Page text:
So you want to learn to sew but you’re not quite sure where to start? Check out this guide with my tips on what to do!
1. Gather your supplies!
The basic kit should include a sewing machine, scissors, pins, needles, a measuring tape, fabric marker or chalk and a seam ripper as a bare minimum. Check out my list here for the essential (and non essential but fun) item!
Sewing machines are unfortunately not the cheapest thing in the world. If you’re looking for a cheap way to start, try asking family and friends if they’ve got a machine lying around that they don’t use and that you can borrow. You’ll be surprised at what people have in the back of their spare room or in the attic! Don’t worry if it’s an older machine, they’re sometimes some of the best! Alternatively you can try sites like Freegle or Freecycle for machines people no longer want or eBay for a cheap second hand one. If you’re buying new, I always recommend trying to buy the best one in your budget. The cheaper machines in my experience tend to be more difficult to use and you don’t want to be put off just yet! Currently I use a Bernina machine but I learnt to sew on my mum’s old Pfaff and I’ve used plenty of Janomes which I’ve liked too!
Scissors are an important part of your kit too! You get usually get some cheap fabric scissors from places like John Lewis or Hobbycraft but if you’ve got a pair of sharp scissors at home, I recommend using those. But whatever you do, don’t ty to cut fabric with blunt scissors! You might end up damaging your fabric! In time, you’ll end up with a dozen pair of scissors all for very specific things – fabric, paper, thread, embroidery, duckbill… The list goes one! But for now just a pair of really sharp ones will do.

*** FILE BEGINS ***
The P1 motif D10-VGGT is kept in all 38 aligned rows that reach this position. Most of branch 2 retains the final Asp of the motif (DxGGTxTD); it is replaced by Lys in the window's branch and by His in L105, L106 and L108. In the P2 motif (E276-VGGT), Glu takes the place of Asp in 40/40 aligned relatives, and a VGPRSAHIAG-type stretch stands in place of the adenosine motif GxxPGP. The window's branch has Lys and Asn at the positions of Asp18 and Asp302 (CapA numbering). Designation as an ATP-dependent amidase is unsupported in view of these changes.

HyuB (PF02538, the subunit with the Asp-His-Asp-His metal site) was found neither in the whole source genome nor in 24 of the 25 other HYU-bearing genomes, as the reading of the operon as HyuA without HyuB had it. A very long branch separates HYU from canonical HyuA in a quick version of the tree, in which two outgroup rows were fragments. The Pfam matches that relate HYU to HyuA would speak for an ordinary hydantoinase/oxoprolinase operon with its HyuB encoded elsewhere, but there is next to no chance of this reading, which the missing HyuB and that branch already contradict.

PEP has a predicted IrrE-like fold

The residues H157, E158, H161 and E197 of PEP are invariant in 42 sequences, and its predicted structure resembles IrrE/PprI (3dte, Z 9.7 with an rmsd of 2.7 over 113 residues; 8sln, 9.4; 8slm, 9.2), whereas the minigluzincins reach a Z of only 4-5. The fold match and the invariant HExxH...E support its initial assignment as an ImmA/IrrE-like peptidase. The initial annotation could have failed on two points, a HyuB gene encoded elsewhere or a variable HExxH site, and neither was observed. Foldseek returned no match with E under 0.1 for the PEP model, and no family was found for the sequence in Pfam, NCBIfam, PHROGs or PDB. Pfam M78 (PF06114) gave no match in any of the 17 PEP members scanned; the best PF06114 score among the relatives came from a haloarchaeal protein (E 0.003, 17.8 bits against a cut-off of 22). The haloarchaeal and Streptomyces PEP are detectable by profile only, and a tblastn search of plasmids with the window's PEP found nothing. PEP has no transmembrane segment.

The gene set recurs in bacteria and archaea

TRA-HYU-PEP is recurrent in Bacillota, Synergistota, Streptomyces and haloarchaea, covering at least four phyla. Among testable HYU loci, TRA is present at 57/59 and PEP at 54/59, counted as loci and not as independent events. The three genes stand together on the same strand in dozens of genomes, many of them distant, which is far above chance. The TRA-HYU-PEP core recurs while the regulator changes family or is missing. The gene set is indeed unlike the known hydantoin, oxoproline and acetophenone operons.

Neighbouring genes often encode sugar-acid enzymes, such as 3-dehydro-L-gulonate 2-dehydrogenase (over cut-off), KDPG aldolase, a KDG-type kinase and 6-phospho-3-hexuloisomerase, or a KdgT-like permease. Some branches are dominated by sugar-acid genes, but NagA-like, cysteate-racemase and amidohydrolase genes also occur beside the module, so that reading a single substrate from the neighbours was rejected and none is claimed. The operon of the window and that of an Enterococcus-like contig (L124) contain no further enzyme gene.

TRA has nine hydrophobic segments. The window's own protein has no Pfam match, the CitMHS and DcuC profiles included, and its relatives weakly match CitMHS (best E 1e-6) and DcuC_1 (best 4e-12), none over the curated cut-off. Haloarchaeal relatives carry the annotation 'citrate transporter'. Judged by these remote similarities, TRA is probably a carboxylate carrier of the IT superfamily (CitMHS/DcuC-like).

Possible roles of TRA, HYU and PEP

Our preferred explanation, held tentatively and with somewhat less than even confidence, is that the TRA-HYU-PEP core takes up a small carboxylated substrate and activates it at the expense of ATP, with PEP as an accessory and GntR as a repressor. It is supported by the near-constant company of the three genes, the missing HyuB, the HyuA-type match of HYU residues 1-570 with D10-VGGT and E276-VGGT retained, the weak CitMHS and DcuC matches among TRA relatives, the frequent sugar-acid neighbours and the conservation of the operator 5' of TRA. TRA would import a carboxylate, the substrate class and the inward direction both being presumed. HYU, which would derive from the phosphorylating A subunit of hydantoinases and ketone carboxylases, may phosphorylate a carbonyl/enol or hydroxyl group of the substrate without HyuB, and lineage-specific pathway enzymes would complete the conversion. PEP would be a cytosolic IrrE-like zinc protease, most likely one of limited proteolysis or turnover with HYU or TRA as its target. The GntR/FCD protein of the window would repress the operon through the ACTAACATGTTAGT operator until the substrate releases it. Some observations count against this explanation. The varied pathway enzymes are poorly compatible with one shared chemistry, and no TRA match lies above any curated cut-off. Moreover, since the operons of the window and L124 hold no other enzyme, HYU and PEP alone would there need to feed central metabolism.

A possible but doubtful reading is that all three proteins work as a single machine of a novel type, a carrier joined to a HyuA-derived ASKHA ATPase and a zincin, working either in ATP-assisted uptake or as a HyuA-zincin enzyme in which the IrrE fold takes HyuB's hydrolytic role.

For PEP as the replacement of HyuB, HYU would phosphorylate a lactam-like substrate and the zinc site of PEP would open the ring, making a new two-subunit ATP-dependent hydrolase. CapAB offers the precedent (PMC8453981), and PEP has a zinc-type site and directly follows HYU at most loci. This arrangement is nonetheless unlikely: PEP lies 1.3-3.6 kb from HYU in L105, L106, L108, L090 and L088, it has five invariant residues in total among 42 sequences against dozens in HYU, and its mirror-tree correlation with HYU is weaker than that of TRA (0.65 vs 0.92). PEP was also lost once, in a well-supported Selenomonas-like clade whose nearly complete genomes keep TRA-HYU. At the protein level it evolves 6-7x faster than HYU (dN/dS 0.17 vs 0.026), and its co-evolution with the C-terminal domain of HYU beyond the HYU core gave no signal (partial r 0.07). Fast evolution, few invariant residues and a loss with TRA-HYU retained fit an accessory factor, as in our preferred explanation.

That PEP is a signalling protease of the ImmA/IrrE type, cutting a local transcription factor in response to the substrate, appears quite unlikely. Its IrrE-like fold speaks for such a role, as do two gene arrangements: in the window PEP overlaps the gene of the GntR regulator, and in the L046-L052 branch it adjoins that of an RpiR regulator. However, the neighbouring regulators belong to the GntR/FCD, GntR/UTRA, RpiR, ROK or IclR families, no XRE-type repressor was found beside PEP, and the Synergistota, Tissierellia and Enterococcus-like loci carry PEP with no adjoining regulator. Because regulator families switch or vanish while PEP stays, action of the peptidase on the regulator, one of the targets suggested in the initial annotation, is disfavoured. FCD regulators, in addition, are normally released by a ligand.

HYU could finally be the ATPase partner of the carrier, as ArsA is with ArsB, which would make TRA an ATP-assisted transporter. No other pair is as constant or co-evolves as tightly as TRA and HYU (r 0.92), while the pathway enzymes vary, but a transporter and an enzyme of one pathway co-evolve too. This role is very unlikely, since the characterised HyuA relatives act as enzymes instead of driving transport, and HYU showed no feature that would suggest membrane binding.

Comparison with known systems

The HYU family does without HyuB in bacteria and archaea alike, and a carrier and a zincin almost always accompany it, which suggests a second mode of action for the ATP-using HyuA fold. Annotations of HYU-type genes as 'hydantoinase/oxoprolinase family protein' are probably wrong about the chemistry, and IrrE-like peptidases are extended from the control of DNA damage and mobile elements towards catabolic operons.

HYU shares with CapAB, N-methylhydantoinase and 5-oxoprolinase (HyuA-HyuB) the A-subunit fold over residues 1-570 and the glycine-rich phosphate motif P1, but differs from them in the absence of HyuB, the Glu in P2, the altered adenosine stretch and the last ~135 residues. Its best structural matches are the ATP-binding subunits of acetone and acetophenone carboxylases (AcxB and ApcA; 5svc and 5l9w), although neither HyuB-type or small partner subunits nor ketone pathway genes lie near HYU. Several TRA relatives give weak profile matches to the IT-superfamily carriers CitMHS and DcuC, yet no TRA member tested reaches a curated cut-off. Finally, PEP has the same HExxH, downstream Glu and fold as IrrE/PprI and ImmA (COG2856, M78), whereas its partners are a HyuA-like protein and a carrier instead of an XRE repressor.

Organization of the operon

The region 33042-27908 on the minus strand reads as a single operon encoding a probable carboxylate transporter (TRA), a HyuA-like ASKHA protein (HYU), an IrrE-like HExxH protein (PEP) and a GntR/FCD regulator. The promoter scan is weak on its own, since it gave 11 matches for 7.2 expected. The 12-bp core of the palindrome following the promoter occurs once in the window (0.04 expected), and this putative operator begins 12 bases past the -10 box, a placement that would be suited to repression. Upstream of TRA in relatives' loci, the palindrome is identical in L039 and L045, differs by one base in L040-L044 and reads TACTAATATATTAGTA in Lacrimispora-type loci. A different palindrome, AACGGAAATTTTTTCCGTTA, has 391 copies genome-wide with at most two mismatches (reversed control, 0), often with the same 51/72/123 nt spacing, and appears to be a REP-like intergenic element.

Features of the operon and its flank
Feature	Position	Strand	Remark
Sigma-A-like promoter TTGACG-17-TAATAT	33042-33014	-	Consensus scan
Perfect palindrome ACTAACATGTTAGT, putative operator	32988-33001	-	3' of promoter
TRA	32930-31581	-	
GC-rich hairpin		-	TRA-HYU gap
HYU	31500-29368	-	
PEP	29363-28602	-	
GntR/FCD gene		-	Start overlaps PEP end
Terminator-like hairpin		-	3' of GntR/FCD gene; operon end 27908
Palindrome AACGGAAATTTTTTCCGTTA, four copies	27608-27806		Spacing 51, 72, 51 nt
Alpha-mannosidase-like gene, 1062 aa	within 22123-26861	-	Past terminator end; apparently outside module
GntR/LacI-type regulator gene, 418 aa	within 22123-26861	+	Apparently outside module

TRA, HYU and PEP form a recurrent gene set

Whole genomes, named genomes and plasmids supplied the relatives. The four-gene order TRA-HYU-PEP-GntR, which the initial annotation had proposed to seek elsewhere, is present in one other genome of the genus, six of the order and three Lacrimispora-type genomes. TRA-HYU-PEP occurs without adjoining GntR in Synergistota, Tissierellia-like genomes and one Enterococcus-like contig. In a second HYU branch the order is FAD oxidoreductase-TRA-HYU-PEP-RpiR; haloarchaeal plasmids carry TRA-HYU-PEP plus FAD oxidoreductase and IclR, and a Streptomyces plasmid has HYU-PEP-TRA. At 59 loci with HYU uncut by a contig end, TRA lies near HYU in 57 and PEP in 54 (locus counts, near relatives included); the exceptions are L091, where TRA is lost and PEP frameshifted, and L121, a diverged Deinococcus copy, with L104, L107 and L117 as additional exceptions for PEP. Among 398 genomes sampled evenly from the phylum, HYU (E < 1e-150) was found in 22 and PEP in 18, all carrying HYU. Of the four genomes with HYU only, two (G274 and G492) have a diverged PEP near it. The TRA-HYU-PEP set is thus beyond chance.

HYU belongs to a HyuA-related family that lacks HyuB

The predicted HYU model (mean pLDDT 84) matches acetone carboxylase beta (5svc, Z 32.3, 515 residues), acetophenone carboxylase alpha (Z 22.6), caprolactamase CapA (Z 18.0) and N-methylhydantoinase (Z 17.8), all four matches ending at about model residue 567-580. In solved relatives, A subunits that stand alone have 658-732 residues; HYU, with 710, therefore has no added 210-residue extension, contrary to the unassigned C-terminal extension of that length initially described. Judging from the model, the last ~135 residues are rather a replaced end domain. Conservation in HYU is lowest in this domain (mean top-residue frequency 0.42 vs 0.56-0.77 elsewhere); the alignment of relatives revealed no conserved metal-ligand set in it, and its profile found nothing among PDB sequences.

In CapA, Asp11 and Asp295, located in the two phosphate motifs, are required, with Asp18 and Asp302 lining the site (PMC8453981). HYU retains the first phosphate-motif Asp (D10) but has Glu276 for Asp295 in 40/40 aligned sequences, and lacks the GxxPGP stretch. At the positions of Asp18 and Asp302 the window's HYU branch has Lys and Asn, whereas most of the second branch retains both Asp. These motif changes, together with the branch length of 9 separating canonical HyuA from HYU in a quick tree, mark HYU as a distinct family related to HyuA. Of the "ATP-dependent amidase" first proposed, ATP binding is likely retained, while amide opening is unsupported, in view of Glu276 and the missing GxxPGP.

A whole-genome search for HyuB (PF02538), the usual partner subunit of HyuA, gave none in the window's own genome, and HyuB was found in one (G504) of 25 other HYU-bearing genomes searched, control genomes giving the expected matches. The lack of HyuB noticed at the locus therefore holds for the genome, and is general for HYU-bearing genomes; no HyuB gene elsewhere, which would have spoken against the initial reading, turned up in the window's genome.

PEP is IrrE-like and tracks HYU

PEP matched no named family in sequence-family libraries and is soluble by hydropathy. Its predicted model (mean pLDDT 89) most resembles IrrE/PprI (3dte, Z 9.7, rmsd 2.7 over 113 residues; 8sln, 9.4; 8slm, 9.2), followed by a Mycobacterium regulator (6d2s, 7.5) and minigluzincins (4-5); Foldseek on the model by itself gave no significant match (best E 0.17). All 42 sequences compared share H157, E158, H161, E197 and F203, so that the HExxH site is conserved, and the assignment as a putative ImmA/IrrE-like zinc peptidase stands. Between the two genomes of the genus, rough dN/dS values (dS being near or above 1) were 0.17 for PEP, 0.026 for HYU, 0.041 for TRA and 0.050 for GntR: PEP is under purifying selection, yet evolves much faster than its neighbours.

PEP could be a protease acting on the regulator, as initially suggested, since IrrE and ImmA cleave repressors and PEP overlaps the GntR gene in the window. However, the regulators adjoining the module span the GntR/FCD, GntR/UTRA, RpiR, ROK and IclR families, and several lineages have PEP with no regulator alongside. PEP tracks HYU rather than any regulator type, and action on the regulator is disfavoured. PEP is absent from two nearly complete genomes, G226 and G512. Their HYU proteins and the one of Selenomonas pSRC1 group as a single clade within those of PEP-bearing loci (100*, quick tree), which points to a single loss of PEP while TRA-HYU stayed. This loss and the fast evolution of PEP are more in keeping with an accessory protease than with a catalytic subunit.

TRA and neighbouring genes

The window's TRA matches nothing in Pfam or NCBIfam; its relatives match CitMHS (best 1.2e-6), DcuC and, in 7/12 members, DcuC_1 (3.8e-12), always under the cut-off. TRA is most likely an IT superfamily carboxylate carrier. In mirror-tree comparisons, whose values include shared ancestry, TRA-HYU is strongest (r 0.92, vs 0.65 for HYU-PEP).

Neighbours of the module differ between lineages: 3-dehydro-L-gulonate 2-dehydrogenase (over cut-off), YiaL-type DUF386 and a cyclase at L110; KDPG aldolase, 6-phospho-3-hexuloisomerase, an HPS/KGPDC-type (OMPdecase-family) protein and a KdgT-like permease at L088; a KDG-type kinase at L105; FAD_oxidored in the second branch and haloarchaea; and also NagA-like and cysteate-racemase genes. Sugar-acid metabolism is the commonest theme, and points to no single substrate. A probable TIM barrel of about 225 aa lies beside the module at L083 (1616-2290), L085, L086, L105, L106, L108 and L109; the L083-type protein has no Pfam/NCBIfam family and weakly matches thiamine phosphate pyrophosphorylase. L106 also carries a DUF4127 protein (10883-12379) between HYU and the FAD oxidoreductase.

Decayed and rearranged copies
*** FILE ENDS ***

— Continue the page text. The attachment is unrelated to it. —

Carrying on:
Pins, needles, measuring tapes are all cheap and easy supplies to get hold of. The hand sewing needles will be needed for those tasks are hand sewing a hem or sewing on buttons.
A fabric marker of some kind is needed to transfer markings from a sewing pattern to the fabric. I use a washable fabric marker (essentially a felt tip) for the most part but I also like the Clover chaco liner and good ol’ tailors chalk.
A seam ripper will end up being your best friend. It makes it quick and easy to take out stitches that may not have gone quite right! That being said, don’t rely on it too much – we’re not aiming for perfection just yet!
2. Get used to using your machine!
It’s tempting but don’t dive into your first project just yet! Get some scrap fabric – old clothes you no longer wear work well – and just practice sewing with your machine. Take your time learning how to thread the machine and fill and insert the bobbin. You’ll want to try the different stitches – a straight stitch and a zigzag stitch are most important – and you’ll need to learn how to adjust the stitch length (and width for the zigzag). This is different machine to machine so I won’t go into more depth, but check the manual that comes with your machine or if you don’t have it, google the model name and number to find it online.
3. Measure up!